Corn is a versatile crop that finds numerous applications as food, fuel and feed. However, corn also has important uses in medicine.

While health care may not immediately come to mind when people think of common corn uses, the plant plays a significant role in many medical applications. From making over-the-counter tablets more effective to aiding in cutting-edge treatments for disease, substances containing corn can help people get and stay healthy.

Learn more below about just a few of the ways corn and corn byproducts are used in medicine, pharmaceuticals and at health care facilities.

Corn Starch Is Used in Pharmaceuticals

Corn starch’s pharmaceutical applications contribute to improving medication effectiveness.

It plays a significant role in the pharmaceutical industry thanks to its versatile properties. One key application of corn starch in pharmaceuticals is as a binder, which means it helps to hold tablet formulations together and improve their strength.

Corn starch is also used to coat tablets and as a disintegrant, which helps in the breakdown and absorption of tablets or capsules ingested into the body. For medicines in this form to be effective, they must break down into smaller particles so they can be dissolved and absorbed. Corn starch is one of the ingredients used to effectively achieve this.

Protein Found in Corn May Help Fight Cancer

One of the future uses for corn in medicine could be in the fight against cancer.

Cancer affects many people, so researchers are always looking for new and improved technologies to fight the disease. One of the most common treatments involves chemotherapy, which slows the growth of and destroys cancer cells. While chemotherapy is often effective, it can have devastating side effects and kill or damage healthy cells along with the cancer.

However, there is a cutting-edge, anti-cancer treatment corn has shown promise in called nanoparticle technology. This treatment uses tiny particles to target cancer cells while reducing damage to surrounding healthy tissue. One of the challenges of nanoparticle technology is how to get the anti-cancer medicine to the cancer cells without losing effectiveness or harming healthy cells. That’s where Zein, a nontoxic protein  found within corn, has shown promise.

Research has found the Zein protein has shown the ability to act as a carrier to transport anti-cancer drugs to the cancer cells they are supposed to destroy. This includes, for example, transporting light-activated drugs that kill cancer cells with heat or chemical reactions, chemotherapy delivered directly to the tumor and gene therapy.

Discovered back in 1821, Zein has been used for years to make waxy coatings, films, inks and adhesives.

IV Solutions Contain Corn

A very common way corn is used in medicine is as a building block for the dextrose found in IV saline solutions. A sugar made from corn starch, dextrose in IV solutions provides energy for patients in the form of calories. It also is effective in helping patients with certain conditions reach and maintain a healthy blood-sugar level. Corn-based dextrose found in IV saline solutions also helps replace lost fluid and treat dehydration.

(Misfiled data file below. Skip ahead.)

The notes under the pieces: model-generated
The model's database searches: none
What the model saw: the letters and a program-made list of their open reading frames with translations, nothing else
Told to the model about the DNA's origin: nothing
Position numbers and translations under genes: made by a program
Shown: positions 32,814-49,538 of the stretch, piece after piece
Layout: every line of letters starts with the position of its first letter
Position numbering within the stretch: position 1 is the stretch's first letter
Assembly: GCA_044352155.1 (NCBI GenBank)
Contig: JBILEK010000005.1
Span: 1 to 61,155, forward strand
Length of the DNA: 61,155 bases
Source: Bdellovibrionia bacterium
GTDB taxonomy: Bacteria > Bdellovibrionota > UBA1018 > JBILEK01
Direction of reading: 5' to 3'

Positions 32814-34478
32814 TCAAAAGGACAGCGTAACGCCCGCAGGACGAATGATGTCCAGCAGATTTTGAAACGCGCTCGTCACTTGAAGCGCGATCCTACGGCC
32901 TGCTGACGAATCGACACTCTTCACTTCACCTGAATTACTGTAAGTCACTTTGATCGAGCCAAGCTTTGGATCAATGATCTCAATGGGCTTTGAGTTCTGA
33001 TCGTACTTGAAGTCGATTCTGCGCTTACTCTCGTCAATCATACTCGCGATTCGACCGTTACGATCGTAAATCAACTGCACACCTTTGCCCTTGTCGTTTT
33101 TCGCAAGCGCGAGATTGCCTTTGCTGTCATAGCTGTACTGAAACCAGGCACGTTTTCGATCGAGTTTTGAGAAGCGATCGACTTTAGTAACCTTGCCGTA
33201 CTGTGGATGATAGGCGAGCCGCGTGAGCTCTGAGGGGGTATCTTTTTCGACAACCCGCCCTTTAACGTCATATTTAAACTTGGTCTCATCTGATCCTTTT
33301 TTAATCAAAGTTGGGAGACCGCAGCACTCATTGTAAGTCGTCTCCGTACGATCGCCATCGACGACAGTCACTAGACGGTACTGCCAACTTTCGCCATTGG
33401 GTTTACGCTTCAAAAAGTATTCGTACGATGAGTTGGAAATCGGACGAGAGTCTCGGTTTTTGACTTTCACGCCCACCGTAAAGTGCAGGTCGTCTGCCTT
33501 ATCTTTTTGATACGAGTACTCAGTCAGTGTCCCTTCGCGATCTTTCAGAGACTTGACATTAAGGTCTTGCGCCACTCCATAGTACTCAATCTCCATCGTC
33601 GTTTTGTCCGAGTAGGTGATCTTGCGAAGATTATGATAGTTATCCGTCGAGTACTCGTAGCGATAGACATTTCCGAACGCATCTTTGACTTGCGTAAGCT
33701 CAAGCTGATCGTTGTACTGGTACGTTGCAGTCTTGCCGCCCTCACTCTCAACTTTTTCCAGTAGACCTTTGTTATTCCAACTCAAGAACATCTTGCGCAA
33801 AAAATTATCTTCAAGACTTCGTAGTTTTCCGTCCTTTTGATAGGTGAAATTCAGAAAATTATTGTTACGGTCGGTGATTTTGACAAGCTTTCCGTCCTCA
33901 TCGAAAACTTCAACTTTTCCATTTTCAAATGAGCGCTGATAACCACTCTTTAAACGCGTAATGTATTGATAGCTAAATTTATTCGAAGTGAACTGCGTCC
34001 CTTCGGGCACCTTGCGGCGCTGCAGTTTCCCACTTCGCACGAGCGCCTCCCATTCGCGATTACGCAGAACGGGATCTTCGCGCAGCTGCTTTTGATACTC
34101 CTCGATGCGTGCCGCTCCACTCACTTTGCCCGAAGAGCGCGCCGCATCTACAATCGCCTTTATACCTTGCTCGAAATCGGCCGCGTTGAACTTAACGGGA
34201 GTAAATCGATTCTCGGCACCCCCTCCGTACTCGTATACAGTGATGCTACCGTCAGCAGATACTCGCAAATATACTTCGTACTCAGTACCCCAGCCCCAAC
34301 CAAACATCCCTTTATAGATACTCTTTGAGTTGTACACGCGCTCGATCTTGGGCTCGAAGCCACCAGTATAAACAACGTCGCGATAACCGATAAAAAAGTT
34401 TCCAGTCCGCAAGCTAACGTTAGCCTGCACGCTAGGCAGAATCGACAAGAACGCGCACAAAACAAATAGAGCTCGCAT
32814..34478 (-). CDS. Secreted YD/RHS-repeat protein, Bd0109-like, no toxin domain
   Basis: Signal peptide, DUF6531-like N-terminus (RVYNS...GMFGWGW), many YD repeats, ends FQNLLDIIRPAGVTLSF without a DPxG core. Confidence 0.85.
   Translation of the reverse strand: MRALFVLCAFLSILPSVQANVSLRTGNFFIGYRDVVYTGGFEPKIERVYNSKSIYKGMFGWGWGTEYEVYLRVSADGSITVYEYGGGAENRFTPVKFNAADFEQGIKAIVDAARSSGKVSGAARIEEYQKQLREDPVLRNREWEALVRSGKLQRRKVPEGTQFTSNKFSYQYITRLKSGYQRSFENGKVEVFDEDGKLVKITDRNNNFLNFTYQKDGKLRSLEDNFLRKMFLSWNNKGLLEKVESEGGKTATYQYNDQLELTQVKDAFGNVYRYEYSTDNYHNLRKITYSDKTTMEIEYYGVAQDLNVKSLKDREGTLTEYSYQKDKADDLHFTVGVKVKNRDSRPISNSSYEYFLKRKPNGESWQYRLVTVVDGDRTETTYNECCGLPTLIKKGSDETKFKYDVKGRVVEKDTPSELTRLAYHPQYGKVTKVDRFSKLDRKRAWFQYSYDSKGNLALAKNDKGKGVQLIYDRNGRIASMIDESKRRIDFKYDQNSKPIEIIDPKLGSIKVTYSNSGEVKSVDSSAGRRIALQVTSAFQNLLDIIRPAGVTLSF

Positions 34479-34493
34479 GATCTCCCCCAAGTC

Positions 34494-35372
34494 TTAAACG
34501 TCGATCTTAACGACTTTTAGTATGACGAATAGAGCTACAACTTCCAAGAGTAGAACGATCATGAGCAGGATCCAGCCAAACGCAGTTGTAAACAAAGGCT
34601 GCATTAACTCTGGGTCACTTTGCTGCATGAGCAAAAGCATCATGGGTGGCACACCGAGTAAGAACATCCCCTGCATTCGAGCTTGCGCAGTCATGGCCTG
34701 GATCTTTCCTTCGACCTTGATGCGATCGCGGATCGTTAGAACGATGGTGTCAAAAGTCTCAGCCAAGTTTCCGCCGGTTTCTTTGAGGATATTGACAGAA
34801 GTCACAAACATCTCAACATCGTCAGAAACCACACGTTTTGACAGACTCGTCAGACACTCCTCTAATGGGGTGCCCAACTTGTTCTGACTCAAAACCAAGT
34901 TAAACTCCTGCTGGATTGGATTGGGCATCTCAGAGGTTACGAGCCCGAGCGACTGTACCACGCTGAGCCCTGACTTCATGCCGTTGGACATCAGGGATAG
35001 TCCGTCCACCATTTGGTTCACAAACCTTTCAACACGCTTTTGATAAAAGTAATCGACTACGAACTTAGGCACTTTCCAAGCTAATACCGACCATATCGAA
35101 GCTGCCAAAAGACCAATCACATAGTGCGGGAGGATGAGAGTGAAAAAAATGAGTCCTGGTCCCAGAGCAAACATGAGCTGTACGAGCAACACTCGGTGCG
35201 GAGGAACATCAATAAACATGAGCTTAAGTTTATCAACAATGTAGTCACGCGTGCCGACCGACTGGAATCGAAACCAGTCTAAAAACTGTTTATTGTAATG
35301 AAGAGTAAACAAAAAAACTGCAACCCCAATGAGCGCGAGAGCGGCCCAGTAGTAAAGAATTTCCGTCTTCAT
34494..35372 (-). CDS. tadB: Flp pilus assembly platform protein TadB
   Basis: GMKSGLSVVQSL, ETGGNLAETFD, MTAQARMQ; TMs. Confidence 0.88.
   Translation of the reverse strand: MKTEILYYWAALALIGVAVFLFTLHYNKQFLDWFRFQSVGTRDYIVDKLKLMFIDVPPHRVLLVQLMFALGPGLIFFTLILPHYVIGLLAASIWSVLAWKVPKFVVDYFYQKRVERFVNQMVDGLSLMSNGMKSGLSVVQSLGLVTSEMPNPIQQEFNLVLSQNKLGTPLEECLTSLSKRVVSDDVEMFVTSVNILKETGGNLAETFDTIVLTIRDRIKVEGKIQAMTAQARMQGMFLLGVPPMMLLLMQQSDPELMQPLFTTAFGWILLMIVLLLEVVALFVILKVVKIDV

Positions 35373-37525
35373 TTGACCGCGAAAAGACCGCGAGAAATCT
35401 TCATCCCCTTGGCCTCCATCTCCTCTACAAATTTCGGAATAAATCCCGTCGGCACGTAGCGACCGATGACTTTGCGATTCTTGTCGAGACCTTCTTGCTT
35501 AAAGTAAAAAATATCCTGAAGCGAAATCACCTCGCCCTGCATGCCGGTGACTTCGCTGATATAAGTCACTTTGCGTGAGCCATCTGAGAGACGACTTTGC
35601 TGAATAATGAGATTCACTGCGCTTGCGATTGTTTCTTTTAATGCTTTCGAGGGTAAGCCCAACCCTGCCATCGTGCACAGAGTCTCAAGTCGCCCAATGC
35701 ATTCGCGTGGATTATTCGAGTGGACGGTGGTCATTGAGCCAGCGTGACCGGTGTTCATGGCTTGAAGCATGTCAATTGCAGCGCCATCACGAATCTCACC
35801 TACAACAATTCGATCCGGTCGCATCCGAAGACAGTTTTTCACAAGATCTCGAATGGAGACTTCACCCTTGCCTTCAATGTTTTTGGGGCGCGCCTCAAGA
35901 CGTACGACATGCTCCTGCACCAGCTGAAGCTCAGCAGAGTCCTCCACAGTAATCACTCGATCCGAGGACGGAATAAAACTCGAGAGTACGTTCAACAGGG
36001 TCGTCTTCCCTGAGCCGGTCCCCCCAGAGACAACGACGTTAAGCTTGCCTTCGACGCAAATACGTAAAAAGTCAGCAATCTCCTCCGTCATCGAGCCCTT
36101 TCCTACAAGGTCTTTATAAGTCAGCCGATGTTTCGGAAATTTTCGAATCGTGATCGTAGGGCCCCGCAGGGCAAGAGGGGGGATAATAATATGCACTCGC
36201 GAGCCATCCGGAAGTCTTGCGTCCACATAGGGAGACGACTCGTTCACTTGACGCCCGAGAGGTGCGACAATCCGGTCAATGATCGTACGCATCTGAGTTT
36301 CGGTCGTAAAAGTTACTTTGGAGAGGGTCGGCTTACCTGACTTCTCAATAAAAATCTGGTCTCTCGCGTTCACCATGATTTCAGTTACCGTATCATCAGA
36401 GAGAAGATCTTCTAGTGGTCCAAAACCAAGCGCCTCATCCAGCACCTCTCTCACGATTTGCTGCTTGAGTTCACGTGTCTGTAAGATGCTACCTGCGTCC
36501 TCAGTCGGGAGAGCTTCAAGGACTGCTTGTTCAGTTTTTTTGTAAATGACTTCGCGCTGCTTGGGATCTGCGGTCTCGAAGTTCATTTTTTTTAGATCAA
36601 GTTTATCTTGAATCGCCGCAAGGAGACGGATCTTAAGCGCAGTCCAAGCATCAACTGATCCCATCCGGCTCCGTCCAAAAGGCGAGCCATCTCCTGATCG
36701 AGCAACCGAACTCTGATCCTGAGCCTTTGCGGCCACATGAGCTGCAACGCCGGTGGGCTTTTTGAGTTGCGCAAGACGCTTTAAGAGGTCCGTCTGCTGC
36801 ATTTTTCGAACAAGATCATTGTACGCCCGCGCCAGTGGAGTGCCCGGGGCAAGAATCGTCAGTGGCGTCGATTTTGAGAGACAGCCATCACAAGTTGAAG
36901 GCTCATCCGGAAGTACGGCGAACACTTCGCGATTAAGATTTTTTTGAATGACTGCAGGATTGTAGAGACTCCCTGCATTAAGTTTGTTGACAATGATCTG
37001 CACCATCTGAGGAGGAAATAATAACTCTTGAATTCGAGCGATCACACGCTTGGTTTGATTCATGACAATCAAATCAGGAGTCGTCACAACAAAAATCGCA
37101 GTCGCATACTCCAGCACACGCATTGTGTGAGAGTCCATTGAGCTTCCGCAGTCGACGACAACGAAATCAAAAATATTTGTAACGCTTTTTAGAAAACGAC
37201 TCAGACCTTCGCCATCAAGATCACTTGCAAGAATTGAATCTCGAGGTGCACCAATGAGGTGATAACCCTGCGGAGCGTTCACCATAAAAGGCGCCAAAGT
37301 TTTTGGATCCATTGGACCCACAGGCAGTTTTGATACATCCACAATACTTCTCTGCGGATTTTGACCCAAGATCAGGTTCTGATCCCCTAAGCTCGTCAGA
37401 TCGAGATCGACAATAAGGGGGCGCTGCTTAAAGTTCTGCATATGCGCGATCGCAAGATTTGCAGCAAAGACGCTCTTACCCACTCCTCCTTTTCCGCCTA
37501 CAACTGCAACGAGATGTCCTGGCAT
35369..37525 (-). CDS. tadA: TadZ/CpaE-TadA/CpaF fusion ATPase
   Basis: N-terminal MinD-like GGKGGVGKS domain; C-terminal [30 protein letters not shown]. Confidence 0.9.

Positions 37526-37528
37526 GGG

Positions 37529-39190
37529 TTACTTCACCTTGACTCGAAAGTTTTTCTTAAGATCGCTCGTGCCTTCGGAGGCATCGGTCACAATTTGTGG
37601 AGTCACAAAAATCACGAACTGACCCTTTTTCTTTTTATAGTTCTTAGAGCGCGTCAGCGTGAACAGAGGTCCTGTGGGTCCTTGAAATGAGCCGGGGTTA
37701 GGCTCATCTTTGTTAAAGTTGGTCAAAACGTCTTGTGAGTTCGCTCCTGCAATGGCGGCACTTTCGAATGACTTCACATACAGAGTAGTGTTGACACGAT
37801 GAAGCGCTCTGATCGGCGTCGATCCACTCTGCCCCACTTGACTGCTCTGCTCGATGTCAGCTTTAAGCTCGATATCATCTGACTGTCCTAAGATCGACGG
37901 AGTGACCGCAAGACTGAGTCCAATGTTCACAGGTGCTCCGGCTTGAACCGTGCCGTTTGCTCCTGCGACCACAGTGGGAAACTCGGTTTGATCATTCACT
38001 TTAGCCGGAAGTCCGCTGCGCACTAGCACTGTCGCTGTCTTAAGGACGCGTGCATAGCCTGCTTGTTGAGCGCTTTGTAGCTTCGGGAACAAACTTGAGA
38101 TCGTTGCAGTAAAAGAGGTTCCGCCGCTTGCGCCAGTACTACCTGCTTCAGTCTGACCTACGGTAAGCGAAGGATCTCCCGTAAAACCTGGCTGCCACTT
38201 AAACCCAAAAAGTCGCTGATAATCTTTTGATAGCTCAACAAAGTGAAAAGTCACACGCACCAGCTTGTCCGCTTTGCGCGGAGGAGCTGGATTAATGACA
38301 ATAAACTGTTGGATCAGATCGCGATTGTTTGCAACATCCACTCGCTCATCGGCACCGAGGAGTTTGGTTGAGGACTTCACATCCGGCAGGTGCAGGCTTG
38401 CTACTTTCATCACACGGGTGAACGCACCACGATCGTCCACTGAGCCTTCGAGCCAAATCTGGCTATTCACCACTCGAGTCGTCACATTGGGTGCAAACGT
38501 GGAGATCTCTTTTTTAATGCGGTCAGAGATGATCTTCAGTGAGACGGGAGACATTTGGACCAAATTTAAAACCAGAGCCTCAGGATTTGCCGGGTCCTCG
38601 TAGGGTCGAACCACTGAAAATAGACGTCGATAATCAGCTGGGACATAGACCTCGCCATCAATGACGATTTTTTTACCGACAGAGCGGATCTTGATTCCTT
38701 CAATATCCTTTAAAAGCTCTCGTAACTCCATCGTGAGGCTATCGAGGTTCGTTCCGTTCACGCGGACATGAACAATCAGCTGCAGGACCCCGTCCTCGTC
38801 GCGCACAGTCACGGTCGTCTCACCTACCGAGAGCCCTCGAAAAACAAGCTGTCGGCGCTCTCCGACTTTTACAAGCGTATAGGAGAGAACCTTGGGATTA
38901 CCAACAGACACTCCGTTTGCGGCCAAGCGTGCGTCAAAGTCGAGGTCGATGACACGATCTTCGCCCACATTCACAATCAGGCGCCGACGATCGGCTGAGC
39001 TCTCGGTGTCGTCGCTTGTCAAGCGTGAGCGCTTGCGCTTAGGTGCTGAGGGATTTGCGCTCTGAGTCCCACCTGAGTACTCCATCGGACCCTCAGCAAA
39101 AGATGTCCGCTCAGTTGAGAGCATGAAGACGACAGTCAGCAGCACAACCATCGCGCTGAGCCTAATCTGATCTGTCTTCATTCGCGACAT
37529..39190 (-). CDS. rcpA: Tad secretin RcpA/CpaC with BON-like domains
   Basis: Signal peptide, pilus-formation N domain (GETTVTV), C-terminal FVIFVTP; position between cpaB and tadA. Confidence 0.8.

In addition to its use in IV saline solutions, dextrose also is used in medicine as an injection to treat insulin shock.  Beyond medicine, dextrose is commonly used in the food industry as a sweetener and flavor enhancer.

Ethanol and Citric Acid are Found in Hand Soap and Sanitizer

Corn-based products also are used in personal hygiene and to clean healthcare facilities, homes and businesses. It does this through ethanol and citric acid found in hand soap and sanitizers.

Ethanol is used in hand sanitizers because it kills most bacteria and viruses. In fact, it’s so effective that during the COVID-19 pandemic, health leaders urged the public to make sure their hand sanitizers contained at least 60% ethanol in order to make sure the product was effective.

Another corn-based cleaning agent is citric acid. While people naturally often associate citric acid with fruit, the fact is most of the citric acid found in the many products you use every day comes from corn. It’s made by fermenting corn-based sugar.

Another product commonly made from corn, lactic acid, also has cleaning and disinfectant qualities. Lactic and citric acid are both found in many sanitizers, soaps, disinfectants and other cleaning agents used in homes and businesses. Similar to citric acid, lactic acid can be manufactured by fermenting the sugars found in corn.

Finding the Next Big Role for Corn

Corn’s surprising role in health care is one of the reasons the Nebraska Corn Board continues to support research on corn uses. It’s such a versatile plant with so many beneficial uses, you never know where it will play a key role next.

Corn farmers grow healthy food, livestock feed and renewable fuel resources used around the world.  From renewable biofuel to cat litter and biodegradable plastic, corn farming supplies the building blocks for important parts of everyday life.

When it comes to the many uses of corn, we may just be scratching the surface!

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